Without a Doubt

Without a doubt, the United States tortured detainees taken into custody after 9/11. Without a doubt, it was illegal, immoral and counterproductive.

These are the unanimous conclusions of a two-year investigation and recent report produced by the Task Force on Detainee Treatment sponsored by The Constitution Project. The impressive high-level committee - which was bipartisan -- was co-chaired by Asa Hutchinson, former Republican member of Congress from Arkansas, and Ambassador James Jones, former Democratic member of Congress from Oklahoma.

At the same time that the report was issued in April 2013, pop culture's acceptance of torture in films such as Zero Dark Thirty and video games -- consider the recently released Grand Theft Auto V, for example -- has been growing. These cultural expressions encourage people to believe that torture is okay.

Yesterday, the National Religious Campaign Against Torture is released five short films to counter that message and to show that torture is never acceptable -- it is not glamorous nor healthy, honorable nor legal nor faithful.

These short films encapsulate the message of the report of The Constitution Project's Task Force on Detainee Treatment that there is no doubt that the United States engaged in torture of detainees taken into custody after 9/11, that the torture was authorized at the highest levels of government, and that the use of torture was clearly illegal.

In addition to the five shorts, NRCAT produced a new 11-minute film, No Doubt, It Was Torture! The film includes members of the Task Force discussing their key findings and offers responses from leaders of several faith traditions.

The Task Force's report details how:

• The United States used interrogation techniques that it had previously condemned as illegal when used by others, including waterboarding, stress positions, extended sleep deprivation, sexual humiliation and prolonged solitary confinement.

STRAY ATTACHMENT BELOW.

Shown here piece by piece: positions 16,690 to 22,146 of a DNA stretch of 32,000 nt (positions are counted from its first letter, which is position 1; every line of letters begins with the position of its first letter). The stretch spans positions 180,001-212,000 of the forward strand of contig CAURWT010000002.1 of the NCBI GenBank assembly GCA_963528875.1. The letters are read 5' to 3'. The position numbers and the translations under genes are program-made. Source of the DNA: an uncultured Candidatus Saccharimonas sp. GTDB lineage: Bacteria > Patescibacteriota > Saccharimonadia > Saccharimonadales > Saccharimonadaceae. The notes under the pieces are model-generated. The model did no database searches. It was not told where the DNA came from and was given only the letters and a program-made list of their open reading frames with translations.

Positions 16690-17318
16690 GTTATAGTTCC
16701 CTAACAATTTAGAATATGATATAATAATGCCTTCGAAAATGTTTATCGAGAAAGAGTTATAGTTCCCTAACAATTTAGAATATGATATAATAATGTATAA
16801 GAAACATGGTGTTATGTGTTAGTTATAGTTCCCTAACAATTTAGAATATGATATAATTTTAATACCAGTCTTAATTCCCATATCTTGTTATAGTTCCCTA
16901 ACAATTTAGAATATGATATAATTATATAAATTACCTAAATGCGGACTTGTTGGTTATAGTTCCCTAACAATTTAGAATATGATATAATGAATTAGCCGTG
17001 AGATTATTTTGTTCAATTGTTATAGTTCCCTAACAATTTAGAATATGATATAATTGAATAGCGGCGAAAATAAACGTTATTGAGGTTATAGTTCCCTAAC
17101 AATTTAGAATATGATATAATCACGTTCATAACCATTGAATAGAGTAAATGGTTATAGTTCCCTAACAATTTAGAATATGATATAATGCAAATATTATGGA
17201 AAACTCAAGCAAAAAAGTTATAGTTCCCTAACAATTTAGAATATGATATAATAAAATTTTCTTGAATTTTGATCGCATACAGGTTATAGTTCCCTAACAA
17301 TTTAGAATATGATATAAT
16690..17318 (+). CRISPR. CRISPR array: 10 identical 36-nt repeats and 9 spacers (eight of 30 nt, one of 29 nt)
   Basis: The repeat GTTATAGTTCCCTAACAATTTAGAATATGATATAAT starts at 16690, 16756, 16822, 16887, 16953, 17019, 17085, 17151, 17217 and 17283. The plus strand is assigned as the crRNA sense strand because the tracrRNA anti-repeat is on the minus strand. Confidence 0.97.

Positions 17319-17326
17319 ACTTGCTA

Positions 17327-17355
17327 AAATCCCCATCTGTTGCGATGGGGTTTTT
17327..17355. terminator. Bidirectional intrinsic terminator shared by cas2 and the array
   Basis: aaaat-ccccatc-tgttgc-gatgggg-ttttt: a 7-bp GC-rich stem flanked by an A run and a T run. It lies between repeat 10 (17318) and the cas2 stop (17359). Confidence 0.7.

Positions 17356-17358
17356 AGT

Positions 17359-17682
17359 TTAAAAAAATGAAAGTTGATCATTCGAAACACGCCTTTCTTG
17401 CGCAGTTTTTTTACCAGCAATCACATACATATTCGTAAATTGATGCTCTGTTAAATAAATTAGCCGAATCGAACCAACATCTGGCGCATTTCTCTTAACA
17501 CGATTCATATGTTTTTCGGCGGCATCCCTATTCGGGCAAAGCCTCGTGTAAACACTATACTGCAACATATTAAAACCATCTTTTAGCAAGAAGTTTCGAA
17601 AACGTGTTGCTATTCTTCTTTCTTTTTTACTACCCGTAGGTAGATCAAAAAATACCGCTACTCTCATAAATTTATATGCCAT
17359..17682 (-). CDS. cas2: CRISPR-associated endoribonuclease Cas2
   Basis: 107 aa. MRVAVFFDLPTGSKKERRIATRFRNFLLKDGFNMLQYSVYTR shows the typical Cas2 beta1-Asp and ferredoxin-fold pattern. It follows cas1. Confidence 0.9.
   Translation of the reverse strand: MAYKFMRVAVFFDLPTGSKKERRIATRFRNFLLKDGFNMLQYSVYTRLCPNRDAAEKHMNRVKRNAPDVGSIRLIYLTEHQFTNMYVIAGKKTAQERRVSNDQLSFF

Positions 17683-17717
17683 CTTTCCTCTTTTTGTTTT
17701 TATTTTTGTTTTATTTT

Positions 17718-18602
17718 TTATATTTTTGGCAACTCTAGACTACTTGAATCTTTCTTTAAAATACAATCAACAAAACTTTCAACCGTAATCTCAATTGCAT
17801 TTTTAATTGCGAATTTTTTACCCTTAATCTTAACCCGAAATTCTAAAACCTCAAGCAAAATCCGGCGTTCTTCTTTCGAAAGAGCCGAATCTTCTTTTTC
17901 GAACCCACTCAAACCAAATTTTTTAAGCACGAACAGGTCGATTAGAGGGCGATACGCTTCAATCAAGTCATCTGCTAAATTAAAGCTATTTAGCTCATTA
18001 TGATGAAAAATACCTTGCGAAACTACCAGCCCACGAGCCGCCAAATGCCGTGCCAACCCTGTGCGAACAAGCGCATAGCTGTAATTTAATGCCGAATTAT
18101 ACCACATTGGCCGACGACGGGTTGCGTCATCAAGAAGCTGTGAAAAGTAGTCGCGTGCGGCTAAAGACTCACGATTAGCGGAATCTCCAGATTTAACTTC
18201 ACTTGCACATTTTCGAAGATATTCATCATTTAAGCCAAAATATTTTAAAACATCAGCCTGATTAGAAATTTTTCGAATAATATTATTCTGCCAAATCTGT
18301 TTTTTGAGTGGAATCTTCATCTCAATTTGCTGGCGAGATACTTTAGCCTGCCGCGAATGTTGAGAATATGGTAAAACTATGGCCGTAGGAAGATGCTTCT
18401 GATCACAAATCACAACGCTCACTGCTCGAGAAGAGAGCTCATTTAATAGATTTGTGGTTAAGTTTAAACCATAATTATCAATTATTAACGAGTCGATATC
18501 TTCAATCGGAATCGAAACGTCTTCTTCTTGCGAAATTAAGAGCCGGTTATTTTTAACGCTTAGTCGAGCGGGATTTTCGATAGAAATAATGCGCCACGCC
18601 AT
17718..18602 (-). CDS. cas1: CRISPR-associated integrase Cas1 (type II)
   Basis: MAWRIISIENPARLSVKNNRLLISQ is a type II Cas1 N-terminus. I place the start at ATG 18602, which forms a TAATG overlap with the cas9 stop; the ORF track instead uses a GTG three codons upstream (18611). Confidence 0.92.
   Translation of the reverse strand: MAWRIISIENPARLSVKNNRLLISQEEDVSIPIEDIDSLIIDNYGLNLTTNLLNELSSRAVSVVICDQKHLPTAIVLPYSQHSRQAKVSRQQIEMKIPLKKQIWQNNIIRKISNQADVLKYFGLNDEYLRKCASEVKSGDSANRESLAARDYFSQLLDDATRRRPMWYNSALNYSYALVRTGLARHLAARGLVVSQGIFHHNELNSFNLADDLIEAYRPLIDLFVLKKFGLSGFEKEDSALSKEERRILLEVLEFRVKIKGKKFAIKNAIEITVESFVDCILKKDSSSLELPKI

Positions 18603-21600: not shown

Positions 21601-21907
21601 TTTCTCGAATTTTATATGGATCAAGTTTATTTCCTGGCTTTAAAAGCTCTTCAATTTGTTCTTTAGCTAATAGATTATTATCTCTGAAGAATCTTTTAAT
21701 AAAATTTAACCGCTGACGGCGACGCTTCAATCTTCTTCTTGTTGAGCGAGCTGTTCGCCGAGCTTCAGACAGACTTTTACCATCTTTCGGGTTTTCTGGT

• Our top political leaders, through both their actions and failures to act, bore ultimate responsibility for the use of torture.
• The United States violated international legal obligations and broke national law prohibiting torture.
• There is no persuasive evidence that the use of torture produced significant information of value. In fact, the Task Force found substantial evidence that much of the information obtained from torture was not useful or reliable.

The faith community rejects any moral ambiguity of torture. It is contrary to the teachings of all religions and dishonors all faiths. It is an egregious violation of the dignity and worth of every human being -- both the torturer and the tortured. Torture violates humanity. No doubt, there's nothing faithful about torture.

Yet, our society too often accepts and even glorifies torture. Fifty years ago, the international community established international norms and laws prohibiting torture and inhuman treatment via the United Nations Convention Against Torture. Today, though, torture is seen by too many as acceptable.

While very comprehensive, the findings of The Constitution Project's report are not the final word on torture. The Senate Intelligence Committee has conducted its own investigation into torture during which it reviewed more than 6 million pages of documents. The report on the Intelligence Committee's investigation is more than 6,000 pages long and is based in part on information contained in classified documents.

The Intelligence Committee approved its report in a bipartisan vote on Dec. 13, 2012. That was almost a year ago. Chances are good that the committee will vote on whether or not to release the report this fall, which is why we must come together in urging them to do so.

This report must become available to the public so that the American people can see the whole truth about torture -- that it is shocking, horrible, ineffective, and, ultimately, harmful to our nation's long-term security.

The Task Force report proves that our government authorized and encouraged the use of torture. Now, the Senate Intelligence Committee should release its report as well, so that we can end the debate on torture by doing the right thing -- agreeing that torture is always wrong in all circumstances and taking concrete steps, based on the information in the Intelligence Committee report, to ensure that torture is never used again in the future.

Without a doubt, it is time that the truth about U.S. government-sponsored torture sees the light, that our nation openly deals with the legal and moral consequences of our past policies, and that once and for all, we relegate torture to where it belongs -- shameful history never to be repeated.